The husband of the sports reporter who tragically died in a Lousiana plane crash on Saturday is opening up about the anguish he is currently experiencing after missing his wife’s final messages.
Steven Ensminger Jr. told Sports Illustrated that Carley McCord texted and called him that morning before the fatal flight but explained that he could not answer either message because he was at work.
Those messages would end up being McCord’s last as the WDSU sports reporter, 30, was one of five victims who were killed in the crash near the Lafayette Regional Airport.
“I don’t have my phone and she sends me a message saying she loved me,” recalled Ensminger Jr., the son of Steve Ensminger, who is the offensive coordinator for the Louisiana State University football team. “I was in and out of a nightmare, not being able to tell what was real and what wasn’t.”
The loss was so traumatic for Ensminger Jr., 30, who works as a chemical operator at a Lousiana nitrogen facility, that his family members rushed him to the hospital, where he was given sedatives to cope with his physical and emotional heartbreak.
“I can remember laying in the hospital bed repeating myself saying it wasn’t real and then one of the hardest things I’m dealing with is that I missed her text and I missed her call,” he told Sports Illustrated, adding that he would have driven McCord to the game in Atlanta but he was unable to get off of work.
“It is by far the most pain, angst and terror and just darkest time of my life and I honestly don’t know how long it will last because I still don’t believe it,” Ensminger Jr. continued. “I don’t want to believe it.”
“These words are the hardest words I’ve ever had to speak. She will always be part of my life. I’m torn and struggling but I knew she would tell me to be strong,” he added. “I love her. I miss her so much it hurts. I wish she was here with me.”
While he was in the hospital, Ensminger Jr. said he spoke on the phone with his dad, who offered some words of support and love to his son before LSU beat Oklahoma in the college football playoff game, 63-28.
“The one voice that got on the phone with me that was clear and strong and supportive and confident while I was laying in that bed was my dad right before he walked out for warm-ups,” he recalled. “I could barely speak.”
“I couldn’t hold myself together and he said, ‘Son, you will get through this, it’s what we do. We face the darkest times in our lives and it’s what we do, we get through it. And I will take care of you and I’ll be there for you to keep you strong. You’re my one and only son, and my namesake and I love you and I can promise you we will get through this,’ ” he added.
On Saturday, McCord’s employer, WDSU, confirmed the news of her death in a statement. “It is with broken hearts that we share that WDSU lost a beloved member of our team today. Our hearts are with the McCord and Ensminger families at this time,” the news outlet wrote on Twitter.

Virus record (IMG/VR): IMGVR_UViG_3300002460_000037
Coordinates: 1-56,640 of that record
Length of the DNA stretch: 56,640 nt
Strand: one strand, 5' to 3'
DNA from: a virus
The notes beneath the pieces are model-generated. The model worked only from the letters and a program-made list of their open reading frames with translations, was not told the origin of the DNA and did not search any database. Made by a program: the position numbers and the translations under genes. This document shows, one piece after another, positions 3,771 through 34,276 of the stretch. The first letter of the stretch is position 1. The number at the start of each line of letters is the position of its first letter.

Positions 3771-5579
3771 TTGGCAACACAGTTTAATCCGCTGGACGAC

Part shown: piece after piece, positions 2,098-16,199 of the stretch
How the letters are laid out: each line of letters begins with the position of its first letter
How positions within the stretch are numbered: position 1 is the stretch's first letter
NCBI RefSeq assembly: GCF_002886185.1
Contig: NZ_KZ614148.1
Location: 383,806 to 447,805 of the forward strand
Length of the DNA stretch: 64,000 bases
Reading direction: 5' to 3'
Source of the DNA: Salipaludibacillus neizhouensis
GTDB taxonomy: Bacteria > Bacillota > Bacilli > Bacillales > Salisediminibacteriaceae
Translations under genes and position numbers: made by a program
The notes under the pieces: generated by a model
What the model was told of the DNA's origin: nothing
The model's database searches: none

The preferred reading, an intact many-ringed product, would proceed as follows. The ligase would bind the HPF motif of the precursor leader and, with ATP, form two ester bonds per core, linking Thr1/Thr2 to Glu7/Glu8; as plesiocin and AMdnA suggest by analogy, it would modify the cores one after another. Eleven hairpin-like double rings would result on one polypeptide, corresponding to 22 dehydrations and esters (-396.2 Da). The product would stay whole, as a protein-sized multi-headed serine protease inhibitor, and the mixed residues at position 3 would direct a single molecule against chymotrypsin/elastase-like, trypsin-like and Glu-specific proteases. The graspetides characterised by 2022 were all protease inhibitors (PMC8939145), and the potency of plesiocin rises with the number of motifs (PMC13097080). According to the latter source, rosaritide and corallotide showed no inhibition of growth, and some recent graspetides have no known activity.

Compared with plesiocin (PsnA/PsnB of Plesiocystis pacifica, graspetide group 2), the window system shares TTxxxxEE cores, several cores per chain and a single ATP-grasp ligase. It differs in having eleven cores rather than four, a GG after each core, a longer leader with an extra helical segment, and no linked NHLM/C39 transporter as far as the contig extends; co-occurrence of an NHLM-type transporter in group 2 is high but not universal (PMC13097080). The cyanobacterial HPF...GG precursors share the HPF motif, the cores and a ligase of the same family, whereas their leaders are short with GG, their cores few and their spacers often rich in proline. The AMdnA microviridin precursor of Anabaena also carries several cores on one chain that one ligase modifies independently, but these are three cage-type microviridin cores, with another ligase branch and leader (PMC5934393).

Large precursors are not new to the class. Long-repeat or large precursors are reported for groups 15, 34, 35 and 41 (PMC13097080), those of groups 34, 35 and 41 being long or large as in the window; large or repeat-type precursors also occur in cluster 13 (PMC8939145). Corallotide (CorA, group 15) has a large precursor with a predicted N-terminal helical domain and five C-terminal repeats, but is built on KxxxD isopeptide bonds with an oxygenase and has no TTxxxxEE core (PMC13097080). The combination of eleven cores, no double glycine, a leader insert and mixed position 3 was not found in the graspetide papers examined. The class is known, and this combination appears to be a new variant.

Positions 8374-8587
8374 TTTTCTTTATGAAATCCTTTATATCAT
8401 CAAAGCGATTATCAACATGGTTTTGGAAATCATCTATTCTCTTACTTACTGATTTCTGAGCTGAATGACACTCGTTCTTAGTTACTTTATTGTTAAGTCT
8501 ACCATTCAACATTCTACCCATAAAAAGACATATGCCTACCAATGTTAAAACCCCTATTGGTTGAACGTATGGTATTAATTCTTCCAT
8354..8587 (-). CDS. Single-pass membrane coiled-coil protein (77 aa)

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“We are devastated by the loss of such an amazing talent and valued member of our WDSU family,” WDSU President and General Manager, Joel Vilmenay, said in a statement to the news outlet. “Carley’s passion for sports journalism and her deep knowledge of Louisiana sports, from high school to the professional ranks, made her an exceptional journalist. As we reflect on her impressive body of work, we offer our deepest condolences to her family.”
The New Orleans Saints and the New Orleans Pelicans, two teams McCord had worked for as an in-game host, also issued a joint statement, praising her for her “utmost professionalism.”
During Saturday’s game against the Indiana Pacers, the Pelicans held a moment of silence for McCord, and her death was mourned by Saints wide receiver Michael Thomas.
“So sad to hear the news about Carley McCord she was always very excited and happy,” Thomas wrote. “The worst part is I saw her reporting yesterday as I was leaving home in the parking lot. Really sad, life is so short really wish I could do something.”
Statement from the New Orleans Saints and New Orleans Pelicans pic.twitter.com/1WhBvJmjI5— New Orleans Pelicans (@PelicansNBA) December 28, 2019
McCord was born and raised in Baton Rouge, and was a graduate of Northwestern State University and Louisiana State University, according to WDSU. She was also the first runner-up in the Miss Louisiana competition in both 2011 and 2012 and auditioned for The Bachelor in 2013, reported the New York Times.
A spokesperson for the Lafayette Fire Department previously told PEOPLE that the plane was taking off from the airport, on its way to Atlanta, when it crashed around 9:20 a.m. on Saturday morning.
One person on board survived the crash and was taken to a local hospital, along with three bystanders who were injured.
The crash occurred in an “open field” next to a local post office, the spokesperson said, and caused two fires that were “quickly extinguished.” A cause for the crash has yet to be identified but no distress call was made by the plane before the crash, according to CNN.
Authorities in Lafayette identified the victims of the deadly crash as McCord, pilot Ian E. Biggs, 51, Robert Vaughn Crisp II, 59, Gretchen D. Vincent, 51, and Michael “Walker” Vincent, according to the Times.